Can Street Dogs Be Aggressive?

Yes, unfortunately, street dogs can exhibit aggressive behavior in certain situations. This could be due to fear, pain, protecting their territory or resources, or past trauma. It’s crucial to be cautious and respectful when approaching any unfamiliar dog, including street dogs.

Is It Okay to Touch Stray Dogs?

It’s generally not recommended to touch stray dogs without first assessing the situation and taking precautions. While some might be friendly, the risk of getting bitten or transmitting diseases exists. If you encounter a stray dog, observe their behavior from a safe distance. Avoid direct eye contact, sudden movements, and approaching them head-on. If you see signs of aggression, move away slowly and avoid provoking the animal.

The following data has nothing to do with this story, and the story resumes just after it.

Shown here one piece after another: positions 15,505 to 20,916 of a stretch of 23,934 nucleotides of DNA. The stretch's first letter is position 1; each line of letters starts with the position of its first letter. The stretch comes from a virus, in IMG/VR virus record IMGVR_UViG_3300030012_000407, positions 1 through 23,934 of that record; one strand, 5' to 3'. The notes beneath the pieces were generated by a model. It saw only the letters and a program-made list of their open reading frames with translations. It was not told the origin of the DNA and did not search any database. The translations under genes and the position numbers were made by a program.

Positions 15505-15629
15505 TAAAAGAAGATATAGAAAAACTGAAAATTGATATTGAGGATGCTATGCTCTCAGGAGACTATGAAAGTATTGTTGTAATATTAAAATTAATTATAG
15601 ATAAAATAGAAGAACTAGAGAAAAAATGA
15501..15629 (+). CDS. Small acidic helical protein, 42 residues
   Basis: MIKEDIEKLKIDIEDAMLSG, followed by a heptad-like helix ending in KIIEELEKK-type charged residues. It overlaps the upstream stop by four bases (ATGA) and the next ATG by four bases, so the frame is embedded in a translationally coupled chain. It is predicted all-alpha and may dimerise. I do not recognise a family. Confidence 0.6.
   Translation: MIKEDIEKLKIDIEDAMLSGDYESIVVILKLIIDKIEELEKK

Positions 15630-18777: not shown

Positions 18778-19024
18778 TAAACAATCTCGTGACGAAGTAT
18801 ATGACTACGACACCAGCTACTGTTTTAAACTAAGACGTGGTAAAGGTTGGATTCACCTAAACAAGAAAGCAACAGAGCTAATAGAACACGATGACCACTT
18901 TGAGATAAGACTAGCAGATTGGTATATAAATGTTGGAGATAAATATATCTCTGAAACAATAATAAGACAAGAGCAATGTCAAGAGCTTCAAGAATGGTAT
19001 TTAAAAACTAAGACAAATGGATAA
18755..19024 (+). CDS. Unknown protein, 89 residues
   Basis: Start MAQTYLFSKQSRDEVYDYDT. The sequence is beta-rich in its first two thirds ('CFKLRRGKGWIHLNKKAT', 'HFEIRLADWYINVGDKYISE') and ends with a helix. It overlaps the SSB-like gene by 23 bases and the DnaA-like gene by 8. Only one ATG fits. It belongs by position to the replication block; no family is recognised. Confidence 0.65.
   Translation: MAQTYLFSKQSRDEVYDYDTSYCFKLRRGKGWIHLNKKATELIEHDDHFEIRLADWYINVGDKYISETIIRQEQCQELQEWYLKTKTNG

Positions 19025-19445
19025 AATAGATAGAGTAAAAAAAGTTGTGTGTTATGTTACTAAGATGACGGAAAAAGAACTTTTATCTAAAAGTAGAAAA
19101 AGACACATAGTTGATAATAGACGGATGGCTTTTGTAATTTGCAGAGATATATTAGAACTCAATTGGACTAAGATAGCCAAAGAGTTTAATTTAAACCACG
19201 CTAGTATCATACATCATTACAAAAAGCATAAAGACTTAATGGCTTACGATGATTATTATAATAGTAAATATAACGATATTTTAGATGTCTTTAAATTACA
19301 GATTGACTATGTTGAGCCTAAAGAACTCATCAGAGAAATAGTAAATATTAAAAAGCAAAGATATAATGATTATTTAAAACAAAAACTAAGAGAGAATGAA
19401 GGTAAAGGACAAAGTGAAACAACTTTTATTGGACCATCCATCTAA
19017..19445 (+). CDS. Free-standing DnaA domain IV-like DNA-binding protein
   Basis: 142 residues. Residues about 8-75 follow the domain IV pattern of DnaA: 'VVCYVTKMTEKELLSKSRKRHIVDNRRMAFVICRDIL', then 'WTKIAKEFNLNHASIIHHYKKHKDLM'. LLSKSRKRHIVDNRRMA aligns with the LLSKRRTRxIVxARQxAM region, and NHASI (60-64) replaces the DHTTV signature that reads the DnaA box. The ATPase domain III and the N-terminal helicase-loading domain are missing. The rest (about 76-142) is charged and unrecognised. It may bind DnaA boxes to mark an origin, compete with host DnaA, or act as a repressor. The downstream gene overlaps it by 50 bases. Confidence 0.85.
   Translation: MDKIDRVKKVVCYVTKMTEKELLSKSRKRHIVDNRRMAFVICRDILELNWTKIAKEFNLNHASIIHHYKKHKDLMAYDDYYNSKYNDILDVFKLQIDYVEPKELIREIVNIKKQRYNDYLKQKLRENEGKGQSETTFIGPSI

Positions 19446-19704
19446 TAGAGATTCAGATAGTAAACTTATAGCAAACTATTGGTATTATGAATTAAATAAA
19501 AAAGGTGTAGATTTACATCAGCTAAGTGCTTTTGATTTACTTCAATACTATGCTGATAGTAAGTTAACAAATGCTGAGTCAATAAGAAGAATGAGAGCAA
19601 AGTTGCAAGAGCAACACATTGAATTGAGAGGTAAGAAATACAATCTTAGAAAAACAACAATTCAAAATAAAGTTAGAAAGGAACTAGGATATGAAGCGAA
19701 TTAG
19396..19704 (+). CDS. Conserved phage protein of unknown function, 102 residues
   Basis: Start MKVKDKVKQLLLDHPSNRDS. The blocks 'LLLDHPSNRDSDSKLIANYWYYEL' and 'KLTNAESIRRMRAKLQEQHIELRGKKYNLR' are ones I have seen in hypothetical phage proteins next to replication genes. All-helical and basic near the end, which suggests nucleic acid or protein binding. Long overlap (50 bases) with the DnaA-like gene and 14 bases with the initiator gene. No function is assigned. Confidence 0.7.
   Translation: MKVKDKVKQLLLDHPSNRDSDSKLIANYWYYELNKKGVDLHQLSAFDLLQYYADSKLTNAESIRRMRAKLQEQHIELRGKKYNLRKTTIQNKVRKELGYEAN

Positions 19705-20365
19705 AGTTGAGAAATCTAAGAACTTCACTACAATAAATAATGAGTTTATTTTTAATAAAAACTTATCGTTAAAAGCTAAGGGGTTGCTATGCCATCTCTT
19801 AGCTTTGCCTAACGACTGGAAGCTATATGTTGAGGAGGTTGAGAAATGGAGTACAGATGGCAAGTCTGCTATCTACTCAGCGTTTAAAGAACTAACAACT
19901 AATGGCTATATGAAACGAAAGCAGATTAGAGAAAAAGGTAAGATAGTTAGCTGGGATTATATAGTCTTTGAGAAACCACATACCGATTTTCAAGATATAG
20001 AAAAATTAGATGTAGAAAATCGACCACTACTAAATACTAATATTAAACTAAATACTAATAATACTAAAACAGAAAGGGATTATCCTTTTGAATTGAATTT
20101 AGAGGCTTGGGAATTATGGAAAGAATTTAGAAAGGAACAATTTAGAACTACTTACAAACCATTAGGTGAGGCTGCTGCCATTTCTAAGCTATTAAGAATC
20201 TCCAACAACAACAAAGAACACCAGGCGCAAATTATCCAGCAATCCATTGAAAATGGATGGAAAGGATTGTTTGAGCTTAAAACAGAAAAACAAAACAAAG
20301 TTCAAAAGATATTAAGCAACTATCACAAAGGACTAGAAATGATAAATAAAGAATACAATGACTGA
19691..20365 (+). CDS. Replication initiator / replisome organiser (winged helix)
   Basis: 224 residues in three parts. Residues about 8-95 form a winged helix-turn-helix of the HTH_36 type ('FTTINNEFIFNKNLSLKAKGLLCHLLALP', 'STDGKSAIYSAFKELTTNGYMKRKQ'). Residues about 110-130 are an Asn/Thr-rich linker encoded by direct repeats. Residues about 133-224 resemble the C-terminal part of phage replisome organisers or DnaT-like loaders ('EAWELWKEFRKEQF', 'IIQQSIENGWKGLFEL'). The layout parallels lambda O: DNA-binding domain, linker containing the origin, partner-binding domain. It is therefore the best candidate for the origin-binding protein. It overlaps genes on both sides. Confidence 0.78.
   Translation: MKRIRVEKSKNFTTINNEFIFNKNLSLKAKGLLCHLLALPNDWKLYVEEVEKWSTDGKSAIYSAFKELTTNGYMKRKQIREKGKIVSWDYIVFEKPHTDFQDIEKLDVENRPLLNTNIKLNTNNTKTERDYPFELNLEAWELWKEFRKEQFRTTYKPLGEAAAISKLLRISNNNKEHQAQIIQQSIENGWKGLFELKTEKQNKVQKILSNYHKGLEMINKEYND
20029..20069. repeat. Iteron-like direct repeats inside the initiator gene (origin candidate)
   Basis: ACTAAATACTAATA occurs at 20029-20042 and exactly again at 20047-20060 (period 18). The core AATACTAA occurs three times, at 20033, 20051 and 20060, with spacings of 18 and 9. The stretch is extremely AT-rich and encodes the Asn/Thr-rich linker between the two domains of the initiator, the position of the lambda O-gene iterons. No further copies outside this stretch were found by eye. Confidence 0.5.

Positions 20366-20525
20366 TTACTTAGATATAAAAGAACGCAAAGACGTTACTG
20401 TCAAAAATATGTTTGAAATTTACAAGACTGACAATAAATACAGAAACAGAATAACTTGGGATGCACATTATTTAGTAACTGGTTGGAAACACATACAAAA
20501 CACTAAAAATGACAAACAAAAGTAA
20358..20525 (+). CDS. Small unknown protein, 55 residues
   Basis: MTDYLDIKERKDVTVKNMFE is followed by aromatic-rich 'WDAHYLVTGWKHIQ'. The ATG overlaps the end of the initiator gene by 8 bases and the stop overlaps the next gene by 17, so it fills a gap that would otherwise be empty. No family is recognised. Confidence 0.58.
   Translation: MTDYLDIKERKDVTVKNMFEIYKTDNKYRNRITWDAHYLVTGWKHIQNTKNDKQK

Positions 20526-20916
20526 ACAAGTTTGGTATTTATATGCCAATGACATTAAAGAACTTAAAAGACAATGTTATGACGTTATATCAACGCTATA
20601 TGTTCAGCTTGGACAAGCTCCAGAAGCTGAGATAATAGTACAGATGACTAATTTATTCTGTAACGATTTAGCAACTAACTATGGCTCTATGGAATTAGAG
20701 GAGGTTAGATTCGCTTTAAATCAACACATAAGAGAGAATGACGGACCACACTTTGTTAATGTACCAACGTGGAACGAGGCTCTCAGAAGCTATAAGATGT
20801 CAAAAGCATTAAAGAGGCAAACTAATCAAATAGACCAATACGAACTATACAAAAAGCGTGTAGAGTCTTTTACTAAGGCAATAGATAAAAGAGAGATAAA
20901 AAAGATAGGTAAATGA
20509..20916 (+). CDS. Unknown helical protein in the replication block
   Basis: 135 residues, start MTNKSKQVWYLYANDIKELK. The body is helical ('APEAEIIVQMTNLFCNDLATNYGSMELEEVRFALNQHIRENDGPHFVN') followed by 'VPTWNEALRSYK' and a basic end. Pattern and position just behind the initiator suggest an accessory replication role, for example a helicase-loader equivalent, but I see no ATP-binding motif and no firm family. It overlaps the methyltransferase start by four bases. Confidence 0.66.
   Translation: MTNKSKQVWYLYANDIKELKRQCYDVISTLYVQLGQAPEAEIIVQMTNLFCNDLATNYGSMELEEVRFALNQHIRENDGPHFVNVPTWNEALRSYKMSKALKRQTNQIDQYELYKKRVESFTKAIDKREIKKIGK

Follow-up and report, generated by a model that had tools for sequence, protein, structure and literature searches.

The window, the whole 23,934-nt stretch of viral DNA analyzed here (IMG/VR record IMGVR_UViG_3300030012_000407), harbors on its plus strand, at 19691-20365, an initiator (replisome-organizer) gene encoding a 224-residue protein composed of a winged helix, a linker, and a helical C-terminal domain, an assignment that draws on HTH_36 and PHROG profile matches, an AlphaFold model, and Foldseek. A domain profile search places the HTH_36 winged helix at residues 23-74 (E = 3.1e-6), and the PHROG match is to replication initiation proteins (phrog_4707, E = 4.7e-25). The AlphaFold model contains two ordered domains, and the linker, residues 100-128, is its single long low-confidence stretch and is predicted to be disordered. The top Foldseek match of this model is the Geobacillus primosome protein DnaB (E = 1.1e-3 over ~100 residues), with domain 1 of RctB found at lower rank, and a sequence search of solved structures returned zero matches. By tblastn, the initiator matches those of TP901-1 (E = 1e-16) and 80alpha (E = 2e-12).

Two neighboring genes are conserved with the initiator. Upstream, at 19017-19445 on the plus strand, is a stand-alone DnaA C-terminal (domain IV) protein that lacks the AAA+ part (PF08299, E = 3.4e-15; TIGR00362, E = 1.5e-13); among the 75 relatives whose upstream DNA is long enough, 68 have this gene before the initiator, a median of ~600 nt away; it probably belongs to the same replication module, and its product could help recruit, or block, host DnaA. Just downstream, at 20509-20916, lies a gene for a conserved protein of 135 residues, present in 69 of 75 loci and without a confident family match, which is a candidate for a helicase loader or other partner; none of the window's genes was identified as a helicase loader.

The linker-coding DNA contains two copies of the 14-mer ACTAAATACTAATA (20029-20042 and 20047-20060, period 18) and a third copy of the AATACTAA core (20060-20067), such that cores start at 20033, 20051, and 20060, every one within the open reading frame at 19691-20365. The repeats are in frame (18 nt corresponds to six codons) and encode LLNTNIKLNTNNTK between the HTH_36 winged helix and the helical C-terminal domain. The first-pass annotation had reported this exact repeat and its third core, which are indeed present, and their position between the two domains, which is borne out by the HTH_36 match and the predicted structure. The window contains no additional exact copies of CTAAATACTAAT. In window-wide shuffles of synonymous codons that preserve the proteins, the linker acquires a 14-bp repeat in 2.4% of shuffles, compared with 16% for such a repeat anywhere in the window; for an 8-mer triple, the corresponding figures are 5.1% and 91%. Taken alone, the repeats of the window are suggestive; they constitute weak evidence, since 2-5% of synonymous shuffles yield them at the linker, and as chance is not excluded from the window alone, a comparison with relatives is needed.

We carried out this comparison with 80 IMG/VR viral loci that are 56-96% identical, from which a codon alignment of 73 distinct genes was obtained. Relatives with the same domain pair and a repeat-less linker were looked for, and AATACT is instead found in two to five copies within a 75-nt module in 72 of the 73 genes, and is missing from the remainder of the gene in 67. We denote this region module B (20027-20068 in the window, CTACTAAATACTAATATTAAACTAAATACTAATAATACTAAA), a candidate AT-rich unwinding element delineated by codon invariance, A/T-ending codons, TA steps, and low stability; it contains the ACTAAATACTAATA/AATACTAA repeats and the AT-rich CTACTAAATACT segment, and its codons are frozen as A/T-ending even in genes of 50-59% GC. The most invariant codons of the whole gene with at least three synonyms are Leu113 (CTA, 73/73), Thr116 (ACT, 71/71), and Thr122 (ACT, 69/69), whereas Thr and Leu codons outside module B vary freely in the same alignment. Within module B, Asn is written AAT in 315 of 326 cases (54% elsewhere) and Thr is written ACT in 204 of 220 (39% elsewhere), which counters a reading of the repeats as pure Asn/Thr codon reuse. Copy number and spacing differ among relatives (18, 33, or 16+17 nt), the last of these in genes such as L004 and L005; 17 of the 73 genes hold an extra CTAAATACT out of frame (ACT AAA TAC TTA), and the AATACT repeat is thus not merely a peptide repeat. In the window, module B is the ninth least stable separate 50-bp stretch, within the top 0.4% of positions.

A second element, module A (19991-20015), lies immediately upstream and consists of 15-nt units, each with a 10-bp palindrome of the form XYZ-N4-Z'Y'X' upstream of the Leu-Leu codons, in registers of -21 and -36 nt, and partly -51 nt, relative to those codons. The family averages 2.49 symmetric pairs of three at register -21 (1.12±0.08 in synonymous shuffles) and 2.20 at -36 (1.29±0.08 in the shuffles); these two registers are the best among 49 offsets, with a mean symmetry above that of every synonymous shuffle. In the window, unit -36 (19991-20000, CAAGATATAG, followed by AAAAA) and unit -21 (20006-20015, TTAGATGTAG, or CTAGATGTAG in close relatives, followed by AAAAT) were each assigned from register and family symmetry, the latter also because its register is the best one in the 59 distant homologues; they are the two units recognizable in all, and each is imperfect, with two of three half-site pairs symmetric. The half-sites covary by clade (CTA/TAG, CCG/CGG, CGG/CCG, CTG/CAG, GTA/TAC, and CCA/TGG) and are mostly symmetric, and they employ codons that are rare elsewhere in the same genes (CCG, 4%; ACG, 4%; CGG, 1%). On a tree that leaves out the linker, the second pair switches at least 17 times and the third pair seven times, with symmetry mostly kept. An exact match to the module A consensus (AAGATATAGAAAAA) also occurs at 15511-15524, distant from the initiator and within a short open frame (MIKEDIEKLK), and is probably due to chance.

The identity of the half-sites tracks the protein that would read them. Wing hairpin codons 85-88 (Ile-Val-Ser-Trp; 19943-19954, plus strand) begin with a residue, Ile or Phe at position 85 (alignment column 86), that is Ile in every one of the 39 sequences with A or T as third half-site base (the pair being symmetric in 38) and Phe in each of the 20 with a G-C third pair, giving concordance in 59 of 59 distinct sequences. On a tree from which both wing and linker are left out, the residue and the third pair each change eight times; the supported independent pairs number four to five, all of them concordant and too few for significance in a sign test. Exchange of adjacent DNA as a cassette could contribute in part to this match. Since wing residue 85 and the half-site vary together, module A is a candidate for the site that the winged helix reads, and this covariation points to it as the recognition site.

• https://indog.co.in/breed-standard-of-the-indian-native-dog/
  • https://padsociety.org/breed-profiles/indog/
  • https://dogwithblog.in/indian-pariah-dog/